In the 31 years since ABBA split up, Agnetha Fältsgok has avoided or made light of questions about her time with the world’s second bestselling band of all time. But last week, during an interview on BBC Radio 4’s Frontline, she opened up at last about the highs and lows of the superstardom she eventually shunned. Or so it seemed.
She talked about breaking up with Björn, about how difficult it was for her to be on the road, about the experience of singing The Winner Takes It All – the song her ex-husband wrote about their divorce. But at the same time, she said nothing new at all.
These are well-known, rehearsed facts about Agnetha and ABBA. Although it seemed as if she was baring all, she wasn’t telling us anything new at all. But then John Wilson tried to get beneath the surface story. He asked her if she’d be going back to Stockholm for the opening of ABBA: The Museum on May 7, to which she replied:
“I’ll still be here in London, I’m afraid.”
Wilson sounded shocked that she wouldn’t be going and then asked: “Would you like to sing in public together again, the four of you?”
Agnetha gave a soft laugh and then said: “I think we would like it, but I don’t think that we’re going to do it because we have our separate lives now, we are much older, and I can’t see a reason why we should do it, really.”
Wilson wasn’t taking no for an answer. “You must wonder what it would be like of the four of you got together in a room, and just to hear what happens in the air when the four of you sing,” he said. ‘You don’t think that will ever happen again, even in private?”
“No,’ said Agnetha. “I don’t think so.”
ABBA do reunite in my novel, Knowing Me Knowing You. It’s a dream that may never come true, but at least with fiction we can try to write between the lines. Between the lines of Agnetha’s interview there was a very different story going on.
It’s hard to match up what she said earlier: “I think we would like it”, with her flat, firm refusal to even broach imagining singing in a room privately with Bjorn, Benny and Anni-Frid, which leads me to think that her excuses for not getting back together – separate lives, too old, no good reason – are yet more surface statements, and Agnetha isn’t letting anyone in at all.
Her new album is simply titled ‘A’, a direct reference to her initial being used as part of ABBA. She’s taken it back, and it’s as if she’s saying that although ABBA still retain their epic popularity, her initial will never be linked up to B, B and A again in real time.
There’s a mystery at the heart of this that may never be made public, but you can’t help but wonder if Agnetha’s lack of enthusiasm isn’t somehow linked to the other A in ABBA.
I originally came up with the concept for my new novel while cycling in Dublin (often my ideas come while biking, there’s something about the rhythm of it that makes my thoughts flow). I remembered a story I’d written for a comedy newspaper I produce every now and then for my family, about my youngest brother who as a teenager was big into Eminem. The story said that he was spotted coming out of an Abbaholics Anonymous meeting.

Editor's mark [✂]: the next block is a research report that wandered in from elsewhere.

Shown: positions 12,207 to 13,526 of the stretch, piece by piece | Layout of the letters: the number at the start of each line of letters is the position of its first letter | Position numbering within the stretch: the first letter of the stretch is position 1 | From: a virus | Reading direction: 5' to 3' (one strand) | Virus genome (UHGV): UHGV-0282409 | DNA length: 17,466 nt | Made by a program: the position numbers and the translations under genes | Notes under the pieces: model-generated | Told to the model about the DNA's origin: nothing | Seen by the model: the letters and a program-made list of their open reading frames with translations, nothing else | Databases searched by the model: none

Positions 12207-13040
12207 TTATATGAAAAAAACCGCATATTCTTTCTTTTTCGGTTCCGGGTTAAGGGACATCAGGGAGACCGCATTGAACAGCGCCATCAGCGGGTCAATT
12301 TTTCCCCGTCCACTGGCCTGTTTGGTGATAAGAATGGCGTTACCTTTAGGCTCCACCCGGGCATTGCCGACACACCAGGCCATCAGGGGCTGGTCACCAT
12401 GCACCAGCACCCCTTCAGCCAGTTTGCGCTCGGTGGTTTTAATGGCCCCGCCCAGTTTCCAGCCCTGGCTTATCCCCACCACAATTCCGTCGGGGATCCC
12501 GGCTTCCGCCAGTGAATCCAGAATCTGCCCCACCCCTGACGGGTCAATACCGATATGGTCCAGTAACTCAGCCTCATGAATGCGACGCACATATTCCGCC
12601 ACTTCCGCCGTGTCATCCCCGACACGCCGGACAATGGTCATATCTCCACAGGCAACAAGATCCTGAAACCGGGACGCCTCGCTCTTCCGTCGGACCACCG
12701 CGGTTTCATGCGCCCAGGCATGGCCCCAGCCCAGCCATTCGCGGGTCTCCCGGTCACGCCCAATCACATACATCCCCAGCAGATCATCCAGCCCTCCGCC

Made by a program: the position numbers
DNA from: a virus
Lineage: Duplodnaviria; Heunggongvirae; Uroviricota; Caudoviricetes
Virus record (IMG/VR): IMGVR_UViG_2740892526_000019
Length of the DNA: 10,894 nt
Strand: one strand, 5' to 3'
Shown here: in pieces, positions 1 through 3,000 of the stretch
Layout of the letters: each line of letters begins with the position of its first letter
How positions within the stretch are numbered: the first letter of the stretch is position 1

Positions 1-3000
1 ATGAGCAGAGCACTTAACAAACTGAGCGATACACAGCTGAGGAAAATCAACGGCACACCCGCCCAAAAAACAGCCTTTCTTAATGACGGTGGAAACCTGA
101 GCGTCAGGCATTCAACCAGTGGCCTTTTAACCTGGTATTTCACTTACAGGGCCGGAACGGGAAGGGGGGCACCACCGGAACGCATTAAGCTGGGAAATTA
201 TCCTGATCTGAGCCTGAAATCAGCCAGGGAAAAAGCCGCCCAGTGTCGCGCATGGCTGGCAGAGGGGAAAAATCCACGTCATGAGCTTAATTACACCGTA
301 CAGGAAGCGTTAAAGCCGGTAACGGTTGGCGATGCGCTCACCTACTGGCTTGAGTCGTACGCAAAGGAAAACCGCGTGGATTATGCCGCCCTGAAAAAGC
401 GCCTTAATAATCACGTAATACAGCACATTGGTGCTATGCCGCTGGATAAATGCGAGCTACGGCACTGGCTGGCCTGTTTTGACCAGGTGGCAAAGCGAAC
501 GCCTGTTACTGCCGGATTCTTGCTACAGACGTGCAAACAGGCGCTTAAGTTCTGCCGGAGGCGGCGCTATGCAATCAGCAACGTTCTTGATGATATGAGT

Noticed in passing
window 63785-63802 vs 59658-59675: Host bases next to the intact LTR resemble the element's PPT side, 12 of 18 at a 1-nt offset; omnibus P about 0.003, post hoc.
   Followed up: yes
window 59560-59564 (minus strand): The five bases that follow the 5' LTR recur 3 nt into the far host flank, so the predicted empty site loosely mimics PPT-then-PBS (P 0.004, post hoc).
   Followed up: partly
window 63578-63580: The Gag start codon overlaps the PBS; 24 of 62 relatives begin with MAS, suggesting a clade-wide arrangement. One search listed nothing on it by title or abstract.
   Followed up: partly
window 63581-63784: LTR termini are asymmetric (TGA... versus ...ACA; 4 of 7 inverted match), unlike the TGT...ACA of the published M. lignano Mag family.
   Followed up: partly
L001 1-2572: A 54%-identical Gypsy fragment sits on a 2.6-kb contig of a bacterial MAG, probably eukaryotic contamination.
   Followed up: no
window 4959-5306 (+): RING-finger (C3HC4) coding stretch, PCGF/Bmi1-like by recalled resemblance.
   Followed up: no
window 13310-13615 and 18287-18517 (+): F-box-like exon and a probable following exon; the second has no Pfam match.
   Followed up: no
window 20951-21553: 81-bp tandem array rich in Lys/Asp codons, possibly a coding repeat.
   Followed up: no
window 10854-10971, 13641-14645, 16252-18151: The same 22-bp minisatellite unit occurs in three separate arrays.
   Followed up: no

Suddenly I had it. I would write a book about an ABBA fanclub who reunite to go to Stockholm to see an ABBA reunion concert. I would call the book Abbaholics Anonymous.
I pitched the idea to my publishers, who liked it, and so the long and hard work of writing Abbaholics Anonymous began.
Cut to a year and a half later, when my second draft was finished, and my editor says she wants to have a meeting. Nobody in the publishing house likes Abbaholics Anonymous as a title, she tells me over coffee. Can’t we call it something else?
I argued hard. I thought the title was comedic and would leave people in no doubt about the subject matter, but my editor argued that the book was about so much more than just an ABBA fanclub and an ABBA concert. They were just the hangers on which the full wardrobe of the novel were hung.
Eventually I had to agree. I let go of Abbaholics Anonymous (although I did keep the phrase part of the novel itself) and started casting around for a new title. It wasn’t easy. I looked through the ABBA catalogue over and over again, but nothing was jumping out.
The the publishers suggested The Day Before You Came. But I felt the song was too obscure, that only diehard ABBA fans would instantly remember it looking at the cover. I wanted it to be more instantly grabbing.
My editor’s instincts were spot on, in one respect. ‘The Day Before You Came’ is not only ABBA’s masterpiece (to my mind), but it has a real sense of story to it. As a title it suggests a past, present and future – the hook telling the browser that something interesting is going to happen in the course of this book.
Voulez Vous? “No,” said my editor. It’s too 1970s sexual.
Thank You For The Music? “No, it sounds like an ABBA biography.”
S.O.S.? “No, it sounds like a cry for help.”
I had suggested Knowing Me Knowing You early on in the process, but we both dismissed it because it was once the catchphrase of Alan Partridge, and people automatically delivered back comedic “Ah ha!” at the end.